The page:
Naspers brings e-commerce businesses to profit six months ahead of schedule

Naspers’s full-year earnings more than doubled as its e-commerce businesses became profitable six months ahead of schedule. File Photo: Independent Newspapers

Naspers’s full-year earnings more than doubled as its e-commerce businesses became profitable six months ahead of schedule. File Photo: Independent Newspapers

Published Jun 25, 2024


Naspers’s full-year earnings more than doubled as its e-commerce businesses became profitable six months ahead of schedule and from a higher contribution from China’s Tencent, which accounts for the bulk of earnings and revenues.

The technology investor that also controls the Netherlands-based technology group Prosus said its core headline earnings per share, a key indicator of operating performance from continuing operations rose to 1 148 US cents for the year to March 31, from 546 US cents a year ago.

Anchor portfolio manager Mike Gresty said while it had been evident at the interim stage that the e-commerce businesses would reach profitability earlier than envisaged in the original guidance, it was nevertheless a milestone to have achieved this.

So long as the e-commerce portfolio was largely unchanged, the building of scale across the verticals should lead to improved profitability in the future.

He said in recent years Prosus had reduced the capital spent on early stage investments and the priority had shifted to getting the existing portfolio to profitability. The market would be watching closely what the new CEO said about the investment strategy going forwards, said Gresty.

Flagship Asset Management Global portfolio manager Philip Short said albeit the small profit from the e-commerce businesses was a positive development, it was still too early to assess whether it would begin to reduce the discount at which Naspers shares were trading to net asset value.

Short said Prosus’s write-down to zero of its stake in Indian online education company BYJU, a stake once worth $2.1 billion was an indication that it was a good opportunity for the incoming CEO at Naspers and Prosus to do full valuation audits of the group interests. Online sources indicated to BR that BYJU was facing financial and governance issues.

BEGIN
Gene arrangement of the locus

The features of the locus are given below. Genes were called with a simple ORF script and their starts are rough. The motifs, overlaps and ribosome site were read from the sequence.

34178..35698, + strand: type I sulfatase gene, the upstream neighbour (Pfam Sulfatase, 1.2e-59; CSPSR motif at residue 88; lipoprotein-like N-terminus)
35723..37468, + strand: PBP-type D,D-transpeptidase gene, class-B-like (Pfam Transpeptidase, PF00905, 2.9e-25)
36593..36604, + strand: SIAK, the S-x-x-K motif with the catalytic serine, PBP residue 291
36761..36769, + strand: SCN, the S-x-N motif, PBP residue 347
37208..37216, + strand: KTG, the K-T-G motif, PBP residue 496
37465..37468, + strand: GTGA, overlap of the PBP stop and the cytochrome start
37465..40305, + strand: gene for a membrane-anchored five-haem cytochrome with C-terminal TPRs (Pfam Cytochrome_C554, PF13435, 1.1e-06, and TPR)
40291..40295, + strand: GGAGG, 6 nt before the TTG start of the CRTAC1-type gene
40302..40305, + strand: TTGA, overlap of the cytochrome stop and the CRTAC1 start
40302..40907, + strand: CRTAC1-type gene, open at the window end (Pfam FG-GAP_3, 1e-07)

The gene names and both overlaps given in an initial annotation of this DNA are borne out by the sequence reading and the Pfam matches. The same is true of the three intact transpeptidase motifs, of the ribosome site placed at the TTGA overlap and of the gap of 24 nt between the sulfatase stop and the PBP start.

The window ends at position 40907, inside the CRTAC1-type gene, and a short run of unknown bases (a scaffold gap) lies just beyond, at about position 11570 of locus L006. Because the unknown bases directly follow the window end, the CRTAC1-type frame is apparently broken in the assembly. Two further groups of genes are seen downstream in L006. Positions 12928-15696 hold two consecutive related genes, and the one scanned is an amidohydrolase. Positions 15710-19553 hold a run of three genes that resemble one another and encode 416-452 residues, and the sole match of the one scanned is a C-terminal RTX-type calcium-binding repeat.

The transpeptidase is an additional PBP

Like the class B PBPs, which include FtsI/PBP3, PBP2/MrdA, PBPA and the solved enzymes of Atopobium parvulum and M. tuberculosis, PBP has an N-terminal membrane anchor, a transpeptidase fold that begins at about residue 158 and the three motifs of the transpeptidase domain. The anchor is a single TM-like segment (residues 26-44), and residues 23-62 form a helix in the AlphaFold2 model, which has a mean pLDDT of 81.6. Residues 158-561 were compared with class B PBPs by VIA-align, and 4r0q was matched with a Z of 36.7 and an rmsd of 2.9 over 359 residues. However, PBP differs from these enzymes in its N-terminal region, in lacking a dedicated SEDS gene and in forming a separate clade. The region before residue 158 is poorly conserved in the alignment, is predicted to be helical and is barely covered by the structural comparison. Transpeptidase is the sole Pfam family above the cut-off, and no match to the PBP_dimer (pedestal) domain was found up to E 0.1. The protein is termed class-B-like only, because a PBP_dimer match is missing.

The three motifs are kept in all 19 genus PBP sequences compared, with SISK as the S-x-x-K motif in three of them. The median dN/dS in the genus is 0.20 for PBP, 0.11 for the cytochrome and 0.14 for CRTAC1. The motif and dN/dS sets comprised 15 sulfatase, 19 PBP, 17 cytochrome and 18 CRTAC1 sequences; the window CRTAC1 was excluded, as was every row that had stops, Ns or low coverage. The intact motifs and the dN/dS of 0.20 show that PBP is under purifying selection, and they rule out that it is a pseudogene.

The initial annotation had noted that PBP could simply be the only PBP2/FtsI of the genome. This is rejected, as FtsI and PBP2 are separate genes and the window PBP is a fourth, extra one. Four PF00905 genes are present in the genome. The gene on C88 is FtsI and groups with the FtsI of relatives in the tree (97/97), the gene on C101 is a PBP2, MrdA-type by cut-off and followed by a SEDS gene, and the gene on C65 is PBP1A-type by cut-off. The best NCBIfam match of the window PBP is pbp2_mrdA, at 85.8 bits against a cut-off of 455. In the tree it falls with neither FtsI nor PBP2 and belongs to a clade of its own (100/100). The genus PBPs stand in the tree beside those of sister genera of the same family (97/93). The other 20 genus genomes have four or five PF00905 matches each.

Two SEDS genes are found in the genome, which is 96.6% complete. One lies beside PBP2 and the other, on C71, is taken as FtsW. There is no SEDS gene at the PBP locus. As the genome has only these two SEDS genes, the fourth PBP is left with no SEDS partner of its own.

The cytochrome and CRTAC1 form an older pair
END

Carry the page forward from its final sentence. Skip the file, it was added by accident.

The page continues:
Regarding Tencent, Naspers’s profit from equity-accounted results decreased by 46% to $2.8bn (R51bn), driven by Tencent’s decreased gains on acquisition and disposals, offset by lower impairment losses and contributions from associates.

Naspers trimming the group position in Tencent by 2% resulted in a gain of $5.1bn during the year (2023:$

Naspers directors said it had been a “standout” year, as the group structure had been simplified; there had been improvements across “all core performance metrics”; and the profitability of the e-commerce business had been achieved six months ahead of schedule.

The share buyback programme also continued to deliver value for shareholders. In addition, a rapid deployment of AI-led technologies across Naspers’s systems was generating “real results”, and would “set the next frontier of value creation for the group”.

On May 17 Fabricio Blioisi was appointed Prosus and Naspers’s new CEO, effective July 1, 2024. Ervin Tu, the interim group CEO, would become group president and chief investment officer.

Naspers and Prosus CFO Basil Sgourdos said following strong execution, “our e-commerce portfolio is profitable for the first time, well ahead of target. What’s more, our peer-leading growth accelerated and our profitable growth is set to continue. Core headline earnings almost doubled, and our strong e-commerce results and performance at Tencent have driven a threefold increase in free cash flow.

“We also reorganised the group, bringing us closer to our businesses so that we can enhance their performance further. AI continues to be our highest priority… We have made substantial progress this year in delivering against our strategy,” said Tu.

“At the margin, the much-improved performance from the e-commerce division is another positive for our investment case and, if sustained could in time help the investment case of Naspers and Prosus become more than simply a discount play on Tencent,” said Gresty.

“As the free float of Naspers’s shares continues to decline thanks to the share buyback, it is probable in my view that we will start to see a point where there are fewer sellers around that are happy to part with their shares at the current 40% discount to net asset value, which should cause the discount to narrow gradually,” he said.